Why we need reform to support entrepreneurship in Canada
The ability to increase living standards primarily comes down to one thing: being more productive. Individuals and societies collectively can only improve their living standards if they become better (i.e. more efficient) at transforming inputs such as labour and raw materials into desired outputs. Entrepreneurship is essential to this process, as it’s about discovering new and better ways to produce existing goods and services, as well as introducing entirely new products.
The importance of entrepreneurship to improving living standards is just one reason why Canadians should be concerned about the decline in entrepreneurship, as measured by business startups. The rate of small business startups in Canada has declined by almost 13 per cent since the early 2000s.
This decrease in entrepreneurship has coincided with a steep decline in our ability to transform inputs into desired outputs more efficiently, as measured by total factor productivity growth. Specifically, productivity growth has declined by a little more than 50 per cent between the late-1990s and early-2010s.
While there are no doubt Canadian-specific reasons for the decline in entrepreneurship—high marginal personal income tax rates and comparatively high capital gains taxes, for instance—there’s also something larger going on beyond Canada.
Other industrialized countries are also experiencing declines in entrepreneurship, and declines in productivity growth. For example, over the same period discussed above, entrepreneurship declined by 17.0 per cent in the United States and 28.5 per cent in Australia. The two countries also experienced declines in the growth rate of productivity of 81.2 per cent and 53.3 per cent, respectively.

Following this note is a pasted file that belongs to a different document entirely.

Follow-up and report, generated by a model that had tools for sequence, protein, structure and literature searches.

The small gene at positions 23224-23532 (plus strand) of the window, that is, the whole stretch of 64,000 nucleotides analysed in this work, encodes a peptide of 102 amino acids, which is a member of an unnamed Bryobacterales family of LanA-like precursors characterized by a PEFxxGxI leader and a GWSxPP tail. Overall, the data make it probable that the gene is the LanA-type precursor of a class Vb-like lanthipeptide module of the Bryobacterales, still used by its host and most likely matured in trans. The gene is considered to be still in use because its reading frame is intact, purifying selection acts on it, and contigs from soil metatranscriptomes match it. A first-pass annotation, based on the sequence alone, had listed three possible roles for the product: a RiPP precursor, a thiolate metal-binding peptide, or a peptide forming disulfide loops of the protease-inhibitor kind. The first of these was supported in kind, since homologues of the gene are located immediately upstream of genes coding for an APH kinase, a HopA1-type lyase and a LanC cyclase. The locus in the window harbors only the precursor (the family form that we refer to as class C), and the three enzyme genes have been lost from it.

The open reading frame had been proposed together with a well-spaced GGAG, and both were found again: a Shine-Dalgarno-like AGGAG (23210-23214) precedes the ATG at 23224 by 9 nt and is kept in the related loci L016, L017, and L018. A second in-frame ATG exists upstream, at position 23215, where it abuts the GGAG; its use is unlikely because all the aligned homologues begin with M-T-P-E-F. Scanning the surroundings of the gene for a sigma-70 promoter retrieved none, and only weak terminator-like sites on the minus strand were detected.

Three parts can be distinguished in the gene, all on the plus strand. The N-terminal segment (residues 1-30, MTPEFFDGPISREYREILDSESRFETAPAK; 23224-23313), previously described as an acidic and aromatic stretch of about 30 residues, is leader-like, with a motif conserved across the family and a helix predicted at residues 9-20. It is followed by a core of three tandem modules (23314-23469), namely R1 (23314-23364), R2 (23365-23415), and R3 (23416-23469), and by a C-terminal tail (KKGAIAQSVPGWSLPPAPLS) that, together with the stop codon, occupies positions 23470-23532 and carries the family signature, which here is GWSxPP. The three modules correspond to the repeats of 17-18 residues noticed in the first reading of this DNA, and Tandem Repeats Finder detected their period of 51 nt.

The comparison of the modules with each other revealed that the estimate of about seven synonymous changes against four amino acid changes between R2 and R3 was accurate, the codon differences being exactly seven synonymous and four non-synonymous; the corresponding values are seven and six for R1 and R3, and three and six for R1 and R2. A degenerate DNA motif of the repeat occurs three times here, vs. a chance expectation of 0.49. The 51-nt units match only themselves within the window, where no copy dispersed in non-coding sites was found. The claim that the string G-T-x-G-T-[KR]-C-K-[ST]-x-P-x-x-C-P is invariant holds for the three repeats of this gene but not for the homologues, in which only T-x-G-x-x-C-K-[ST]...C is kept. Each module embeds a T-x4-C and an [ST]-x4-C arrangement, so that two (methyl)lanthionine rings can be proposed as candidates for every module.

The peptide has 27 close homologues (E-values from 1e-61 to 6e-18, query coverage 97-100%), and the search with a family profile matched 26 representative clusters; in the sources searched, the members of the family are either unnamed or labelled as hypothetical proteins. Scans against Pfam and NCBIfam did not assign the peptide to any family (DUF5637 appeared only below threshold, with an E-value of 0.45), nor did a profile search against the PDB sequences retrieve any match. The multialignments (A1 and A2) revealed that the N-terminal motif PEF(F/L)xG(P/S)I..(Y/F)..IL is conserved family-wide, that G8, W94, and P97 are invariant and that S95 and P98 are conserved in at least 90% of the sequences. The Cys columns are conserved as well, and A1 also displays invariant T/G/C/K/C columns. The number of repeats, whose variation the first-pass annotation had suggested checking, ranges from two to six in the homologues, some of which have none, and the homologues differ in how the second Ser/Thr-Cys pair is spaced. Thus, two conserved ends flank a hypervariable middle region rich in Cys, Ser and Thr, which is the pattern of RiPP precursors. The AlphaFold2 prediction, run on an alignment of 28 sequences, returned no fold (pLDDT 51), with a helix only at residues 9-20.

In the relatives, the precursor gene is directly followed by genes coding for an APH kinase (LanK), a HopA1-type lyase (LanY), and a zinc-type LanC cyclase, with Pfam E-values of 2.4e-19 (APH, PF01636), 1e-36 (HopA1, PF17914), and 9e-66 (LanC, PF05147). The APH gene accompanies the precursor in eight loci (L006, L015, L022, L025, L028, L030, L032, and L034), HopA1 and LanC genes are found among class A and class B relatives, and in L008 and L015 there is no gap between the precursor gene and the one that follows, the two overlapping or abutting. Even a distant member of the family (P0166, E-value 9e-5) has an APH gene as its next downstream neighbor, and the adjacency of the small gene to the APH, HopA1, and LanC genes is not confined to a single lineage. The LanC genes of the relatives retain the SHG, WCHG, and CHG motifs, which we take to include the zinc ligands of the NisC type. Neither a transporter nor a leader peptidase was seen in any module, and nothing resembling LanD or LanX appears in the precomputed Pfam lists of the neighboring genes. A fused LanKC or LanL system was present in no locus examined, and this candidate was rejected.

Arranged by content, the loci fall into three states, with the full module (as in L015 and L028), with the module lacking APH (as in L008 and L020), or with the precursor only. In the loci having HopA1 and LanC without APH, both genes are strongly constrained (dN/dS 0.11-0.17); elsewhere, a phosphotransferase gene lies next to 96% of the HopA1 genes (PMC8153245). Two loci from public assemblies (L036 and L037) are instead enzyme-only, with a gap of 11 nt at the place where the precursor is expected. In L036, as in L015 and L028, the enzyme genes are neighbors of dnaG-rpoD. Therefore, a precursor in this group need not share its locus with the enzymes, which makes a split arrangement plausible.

One of the key explanations for this pan-industrialized country phenomenon is that all of these countries are experiencing an aging of their populations. As populations age, the share of the population best positioned to be successful entrepreneurs, namely individuals in their late-20s through to their early-40s, declines. People in this age group drive entrepreneurship because they’re willing to take entrepreneurial risks, such as starting a business, while often possessing business experience.
Consider that the share of Canadians between the ages of 30 and 39 has already declined 16.6 per cent since the 1980s, and is expected to decline by another 11.4 per cent by the 2040s.
There’s very little, if anything, governments can do to reverse the aging of their populations. However, a number of policies can be reformed to strengthen incentives for entrepreneurship and improve the environment within which entrepreneurs operate, thereby increasing both the number and quality of entrepreneurs.
A recent set of essays by leading researchers in North America and Europe assessed different policy reforms that could improve entrepreneurship, ranging from tax reductions to regulatory reform to changes in banking and financial regulations. Particular reforms may be more applicable to certain countries than to others.
For instance, there’s no doubt Canada’s comparatively high personal income tax rates on entrepreneurs, professionals, skilled labour and business owners are impeding entrepreneurship. Moreover, Canada’s relatively high taxes on capital gains also discourage risk-taking and reduces access to financing for starting and growing entrepreneurial businesses.
Noted economists Deirdre McCloskey and Art Carden also raise the issue of how societies value entrepreneurship. This is particularly important in Canada given the recent anti-business rhetoric and attempted overhaul of taxation for entrepreneurs, which inevitably sends a chilling signal to potential entrepreneurs.
Entrepreneurship is vital to our ability to improve our living standards, and demographics are having an adverse effect on entrepreneurship. Canada must reform policies such as taxes, regulations and access to financing, to name a few, to strengthen entrepreneurial incentives and improve the environment for entrepreneurs. Otherwise, we risk continued declines in entrepreneurship, productivity and ultimately our standard of living.